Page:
Prospector “Mk. II” is a Mark Mills design that was originally built in 2008 at New England Boatworks. Since purchasing the boat in 2016, they’ve posted some very respectable results in high-profile events such as the Maxi Yacht Rolex Cup, Pacific Cup (at left), Puerto Vallarta Race and the Rolex Sydney Hobart Race. Given the right conditions, Landry believes they can chop three to four days off their 11-day passage in 2015.
“This is an amazing boat, but very, very different,” said Landry. “The new boat is an F1 race car compared to the Farr 60. She also was an amazing boat, but was an older design. The new boat is one of the last mini-maxis built strong enough to sail offshore. It’s going to be a wetter ride, but should be faster too.”
“The new boat is a completely different animal, both more and less frightening at the same time,” said McDowell. “The older boat went 12 knots no matter which direction it was pointed. With the new boat, we can plane at 18 to 20 knots. It’s tons of fun, but noisy and water’s everywhere.”
In preparing for the upcoming Transatlantic Race 2019 crew safety is the first item addressed. Each crew member is allowed to bring a dry bag for personal clothing, which consists largely of base- and mid-layer underwear. The temperatures get cold in the North Atlantic. They’re equipped with top-of-the-line safety harnesses, each with an AIS beacon, foul weather gear and sea boots. They are “kitted-up” as the racing rules dictate, or watch captains demand.
“Each watch captain is allowed to call for full gear whenever he sees fit,” said McDowell.
Landry and McDowell both agreed that a significant lesson learned from the first Transatlantic Race was knowing when to back off the accelerator. In the first 24 hours they’d blown out two of their most important off-wind sails, sails that would be needed later in the race given the routing predictions. The A5 was eventually repaired and put back into use, but the A6 was completely blown apart. They’d unnecessarily handicapped themselves at the start of a long passage.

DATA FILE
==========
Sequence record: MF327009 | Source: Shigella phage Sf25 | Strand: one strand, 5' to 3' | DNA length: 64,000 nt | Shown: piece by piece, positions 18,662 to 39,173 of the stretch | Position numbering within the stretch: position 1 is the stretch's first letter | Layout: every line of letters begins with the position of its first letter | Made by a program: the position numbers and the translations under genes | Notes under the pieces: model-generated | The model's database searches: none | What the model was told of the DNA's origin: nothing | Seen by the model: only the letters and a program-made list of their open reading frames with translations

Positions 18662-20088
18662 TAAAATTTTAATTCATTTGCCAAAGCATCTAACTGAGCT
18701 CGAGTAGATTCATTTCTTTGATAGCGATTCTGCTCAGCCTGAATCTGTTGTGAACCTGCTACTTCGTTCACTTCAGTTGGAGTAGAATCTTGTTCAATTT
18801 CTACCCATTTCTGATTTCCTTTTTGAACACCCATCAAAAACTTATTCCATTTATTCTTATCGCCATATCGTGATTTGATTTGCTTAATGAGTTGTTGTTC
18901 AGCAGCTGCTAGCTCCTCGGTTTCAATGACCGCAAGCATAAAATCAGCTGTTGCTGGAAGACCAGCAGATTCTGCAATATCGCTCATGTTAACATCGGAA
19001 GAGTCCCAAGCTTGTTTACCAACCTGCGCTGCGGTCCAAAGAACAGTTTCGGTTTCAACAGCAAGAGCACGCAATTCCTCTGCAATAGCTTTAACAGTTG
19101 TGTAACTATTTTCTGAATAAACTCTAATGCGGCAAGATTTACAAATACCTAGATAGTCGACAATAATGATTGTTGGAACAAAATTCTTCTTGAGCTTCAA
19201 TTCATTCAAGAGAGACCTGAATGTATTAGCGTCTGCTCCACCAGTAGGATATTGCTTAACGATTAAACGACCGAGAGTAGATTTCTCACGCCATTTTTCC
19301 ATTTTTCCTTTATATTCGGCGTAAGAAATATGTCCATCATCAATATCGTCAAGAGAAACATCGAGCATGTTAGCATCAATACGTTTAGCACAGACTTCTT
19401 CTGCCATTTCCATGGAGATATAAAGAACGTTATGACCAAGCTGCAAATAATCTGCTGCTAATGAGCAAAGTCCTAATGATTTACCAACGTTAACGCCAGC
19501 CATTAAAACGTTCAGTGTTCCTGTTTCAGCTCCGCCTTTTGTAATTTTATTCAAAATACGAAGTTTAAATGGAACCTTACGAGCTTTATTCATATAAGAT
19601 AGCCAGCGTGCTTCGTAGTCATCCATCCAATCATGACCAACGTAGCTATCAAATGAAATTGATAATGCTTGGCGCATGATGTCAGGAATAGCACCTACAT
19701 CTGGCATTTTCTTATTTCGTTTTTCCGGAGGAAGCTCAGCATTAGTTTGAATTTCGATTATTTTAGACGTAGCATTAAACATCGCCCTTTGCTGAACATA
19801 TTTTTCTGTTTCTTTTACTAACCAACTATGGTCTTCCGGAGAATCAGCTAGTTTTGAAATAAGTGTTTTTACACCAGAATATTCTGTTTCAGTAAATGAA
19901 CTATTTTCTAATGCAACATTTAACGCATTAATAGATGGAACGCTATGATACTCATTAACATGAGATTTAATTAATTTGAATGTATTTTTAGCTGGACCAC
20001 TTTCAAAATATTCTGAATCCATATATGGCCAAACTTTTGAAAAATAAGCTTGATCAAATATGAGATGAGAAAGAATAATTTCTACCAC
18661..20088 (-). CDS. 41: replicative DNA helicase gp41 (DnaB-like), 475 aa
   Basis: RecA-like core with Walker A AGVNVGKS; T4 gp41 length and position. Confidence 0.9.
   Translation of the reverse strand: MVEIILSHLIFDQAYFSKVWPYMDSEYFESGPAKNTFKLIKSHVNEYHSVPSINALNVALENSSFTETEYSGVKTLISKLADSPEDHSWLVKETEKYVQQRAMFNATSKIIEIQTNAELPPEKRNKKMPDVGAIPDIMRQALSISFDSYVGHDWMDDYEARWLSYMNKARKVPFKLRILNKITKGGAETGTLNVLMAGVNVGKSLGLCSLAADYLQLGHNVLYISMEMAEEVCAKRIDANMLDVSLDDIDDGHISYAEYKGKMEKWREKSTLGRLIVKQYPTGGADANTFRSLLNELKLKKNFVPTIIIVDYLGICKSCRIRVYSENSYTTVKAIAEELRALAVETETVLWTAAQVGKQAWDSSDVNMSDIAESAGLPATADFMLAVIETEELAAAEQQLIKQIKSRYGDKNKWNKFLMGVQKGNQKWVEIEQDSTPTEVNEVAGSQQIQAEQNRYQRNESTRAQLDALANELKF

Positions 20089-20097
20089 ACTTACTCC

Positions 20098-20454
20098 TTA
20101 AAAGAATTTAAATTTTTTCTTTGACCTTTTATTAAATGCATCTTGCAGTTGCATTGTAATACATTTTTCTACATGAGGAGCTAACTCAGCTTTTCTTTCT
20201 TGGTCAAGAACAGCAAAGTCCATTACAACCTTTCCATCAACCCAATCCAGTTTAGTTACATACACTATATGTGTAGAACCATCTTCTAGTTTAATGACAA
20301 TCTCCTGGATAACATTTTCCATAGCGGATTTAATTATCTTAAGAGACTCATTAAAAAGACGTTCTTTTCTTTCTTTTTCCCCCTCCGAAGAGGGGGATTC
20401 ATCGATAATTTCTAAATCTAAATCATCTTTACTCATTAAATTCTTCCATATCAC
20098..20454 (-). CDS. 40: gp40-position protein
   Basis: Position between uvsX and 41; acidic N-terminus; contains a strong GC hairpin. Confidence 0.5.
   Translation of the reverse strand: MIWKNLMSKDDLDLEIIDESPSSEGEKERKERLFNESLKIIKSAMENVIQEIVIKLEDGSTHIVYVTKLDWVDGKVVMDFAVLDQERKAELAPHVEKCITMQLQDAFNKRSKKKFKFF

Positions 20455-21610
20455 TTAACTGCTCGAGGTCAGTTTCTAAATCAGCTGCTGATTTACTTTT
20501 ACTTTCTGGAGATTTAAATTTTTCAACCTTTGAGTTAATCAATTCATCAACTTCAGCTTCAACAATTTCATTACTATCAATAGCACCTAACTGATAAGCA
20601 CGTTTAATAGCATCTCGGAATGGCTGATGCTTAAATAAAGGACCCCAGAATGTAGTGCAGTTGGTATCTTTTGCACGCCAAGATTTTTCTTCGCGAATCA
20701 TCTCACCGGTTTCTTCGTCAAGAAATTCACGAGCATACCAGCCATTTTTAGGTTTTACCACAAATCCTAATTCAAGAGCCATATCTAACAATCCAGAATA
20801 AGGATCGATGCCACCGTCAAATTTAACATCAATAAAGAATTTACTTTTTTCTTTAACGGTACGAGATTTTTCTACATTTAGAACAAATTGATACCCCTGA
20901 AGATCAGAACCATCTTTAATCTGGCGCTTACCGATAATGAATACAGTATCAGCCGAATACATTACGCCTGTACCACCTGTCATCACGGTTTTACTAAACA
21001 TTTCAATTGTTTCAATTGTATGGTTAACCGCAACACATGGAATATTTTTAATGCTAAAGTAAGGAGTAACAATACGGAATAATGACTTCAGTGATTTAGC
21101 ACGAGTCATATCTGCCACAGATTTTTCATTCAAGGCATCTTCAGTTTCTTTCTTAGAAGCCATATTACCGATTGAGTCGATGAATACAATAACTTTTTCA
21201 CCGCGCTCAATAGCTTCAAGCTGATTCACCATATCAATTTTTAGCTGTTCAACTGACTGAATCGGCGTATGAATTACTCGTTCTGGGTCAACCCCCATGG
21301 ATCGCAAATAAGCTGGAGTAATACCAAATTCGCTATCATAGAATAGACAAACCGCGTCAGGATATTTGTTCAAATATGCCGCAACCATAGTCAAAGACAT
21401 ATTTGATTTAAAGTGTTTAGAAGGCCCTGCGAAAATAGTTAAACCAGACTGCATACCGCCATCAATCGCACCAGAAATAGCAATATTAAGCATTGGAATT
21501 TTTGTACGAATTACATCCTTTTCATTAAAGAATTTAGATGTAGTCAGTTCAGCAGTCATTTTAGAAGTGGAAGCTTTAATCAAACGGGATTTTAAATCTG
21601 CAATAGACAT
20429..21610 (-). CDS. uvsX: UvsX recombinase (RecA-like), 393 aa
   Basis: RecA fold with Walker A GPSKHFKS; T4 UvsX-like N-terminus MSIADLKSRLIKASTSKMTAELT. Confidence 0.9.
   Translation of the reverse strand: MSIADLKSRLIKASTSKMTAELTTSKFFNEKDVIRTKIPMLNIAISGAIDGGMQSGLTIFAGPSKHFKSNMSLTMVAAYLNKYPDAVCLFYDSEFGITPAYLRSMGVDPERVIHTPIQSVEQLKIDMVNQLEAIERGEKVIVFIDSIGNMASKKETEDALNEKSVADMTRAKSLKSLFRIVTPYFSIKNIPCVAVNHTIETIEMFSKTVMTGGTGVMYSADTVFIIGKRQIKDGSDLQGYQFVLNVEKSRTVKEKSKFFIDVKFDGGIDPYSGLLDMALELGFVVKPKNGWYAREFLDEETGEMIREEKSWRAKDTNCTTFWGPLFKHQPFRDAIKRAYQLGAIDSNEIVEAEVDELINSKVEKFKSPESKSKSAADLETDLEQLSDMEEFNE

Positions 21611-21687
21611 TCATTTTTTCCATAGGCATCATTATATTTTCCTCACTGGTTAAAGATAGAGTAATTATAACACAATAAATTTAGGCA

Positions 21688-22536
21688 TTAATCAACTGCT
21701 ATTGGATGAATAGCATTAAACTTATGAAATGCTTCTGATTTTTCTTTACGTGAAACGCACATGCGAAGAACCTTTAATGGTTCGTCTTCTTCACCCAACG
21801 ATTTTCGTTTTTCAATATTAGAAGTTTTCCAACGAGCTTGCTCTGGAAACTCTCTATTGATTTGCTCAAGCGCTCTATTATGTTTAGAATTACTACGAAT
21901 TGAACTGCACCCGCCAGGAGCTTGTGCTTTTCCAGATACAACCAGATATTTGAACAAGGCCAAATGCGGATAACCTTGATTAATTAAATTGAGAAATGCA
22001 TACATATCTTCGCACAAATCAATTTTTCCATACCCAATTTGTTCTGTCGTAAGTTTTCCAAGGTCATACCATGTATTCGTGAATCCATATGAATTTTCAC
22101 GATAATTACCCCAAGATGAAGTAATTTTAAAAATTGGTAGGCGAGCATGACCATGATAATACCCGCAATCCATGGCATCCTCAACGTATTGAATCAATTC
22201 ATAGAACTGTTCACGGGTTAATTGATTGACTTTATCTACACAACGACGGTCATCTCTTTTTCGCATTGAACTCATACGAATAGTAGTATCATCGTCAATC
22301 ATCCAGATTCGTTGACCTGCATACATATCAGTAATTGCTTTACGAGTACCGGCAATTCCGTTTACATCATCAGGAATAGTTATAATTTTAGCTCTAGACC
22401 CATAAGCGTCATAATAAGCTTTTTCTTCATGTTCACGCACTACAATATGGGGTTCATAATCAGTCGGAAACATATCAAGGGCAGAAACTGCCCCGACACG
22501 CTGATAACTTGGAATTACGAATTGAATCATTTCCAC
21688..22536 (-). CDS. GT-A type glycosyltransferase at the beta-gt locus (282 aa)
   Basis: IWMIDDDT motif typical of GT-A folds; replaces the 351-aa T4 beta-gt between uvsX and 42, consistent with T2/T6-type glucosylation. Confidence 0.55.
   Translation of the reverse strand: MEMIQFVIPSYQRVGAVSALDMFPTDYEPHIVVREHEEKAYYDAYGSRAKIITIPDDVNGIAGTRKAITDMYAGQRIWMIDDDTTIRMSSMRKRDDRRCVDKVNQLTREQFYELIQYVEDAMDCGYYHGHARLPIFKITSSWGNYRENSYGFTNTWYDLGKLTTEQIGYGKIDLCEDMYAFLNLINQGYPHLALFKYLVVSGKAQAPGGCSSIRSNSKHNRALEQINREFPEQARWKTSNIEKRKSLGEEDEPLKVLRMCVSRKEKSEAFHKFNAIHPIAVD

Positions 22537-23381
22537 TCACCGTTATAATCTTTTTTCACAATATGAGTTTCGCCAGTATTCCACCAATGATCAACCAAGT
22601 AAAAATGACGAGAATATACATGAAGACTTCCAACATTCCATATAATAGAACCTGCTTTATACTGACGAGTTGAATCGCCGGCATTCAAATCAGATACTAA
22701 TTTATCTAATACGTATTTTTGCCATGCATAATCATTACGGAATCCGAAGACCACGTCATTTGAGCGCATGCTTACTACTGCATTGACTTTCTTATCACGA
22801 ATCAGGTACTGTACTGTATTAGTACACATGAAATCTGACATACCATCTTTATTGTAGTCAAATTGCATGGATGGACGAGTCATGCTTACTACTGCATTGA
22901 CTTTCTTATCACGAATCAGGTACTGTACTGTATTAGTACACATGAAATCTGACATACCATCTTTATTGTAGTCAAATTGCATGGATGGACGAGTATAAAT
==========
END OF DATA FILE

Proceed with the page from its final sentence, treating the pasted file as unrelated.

To aid with deceleration the Prospector team has fitted a third reef point, fitted with reef locks, on their mast and boom. During the Transatlantic Race 2015 they found that a third reef with J4 and/or genoa staysail was a fast setup. They’ve also practiced and refined the “letterbox” takedown method, where a soft sail is retrieved between the loose foot of the mainsail and the boom. This allows the sail to collapse in the lee of the mainsail, affording more control as it is wrestled belowdecks through the main companionway. Finally, when the conditions are really hairy, they’ll limit the number of drivers to only the most experienced and their stints at the helm will be limited to 20 or 30 minutes to keep them as fresh as possible.
As they enter the final months of preparation for the race, Landry couldn’t be happier with the growth of the program. “I generally characterize us as a collection of friends who are good amateur sailors. We’re vastly more experienced now by virtue of what we’ve done. It’s all about the magnitude of the challenge. From the seamanship involved to the challenge of optimizing the boat and the camaraderie that develops with the crew. It’s all a fantastic challenge.”
McDowell refers to offshore racing as “voyaging; it’s a great escape,” he said. “I like the aspect of long distance racing where you’re self-sufficient. If there’s a problem, no one comes and gets you; you can’t call it quits and sail into a nearby harbor. You have to get the boat there yourself. I like that aspect.”
That’s an aspect that has drawn many of the 24 entries to the Transatlantic Race 2019.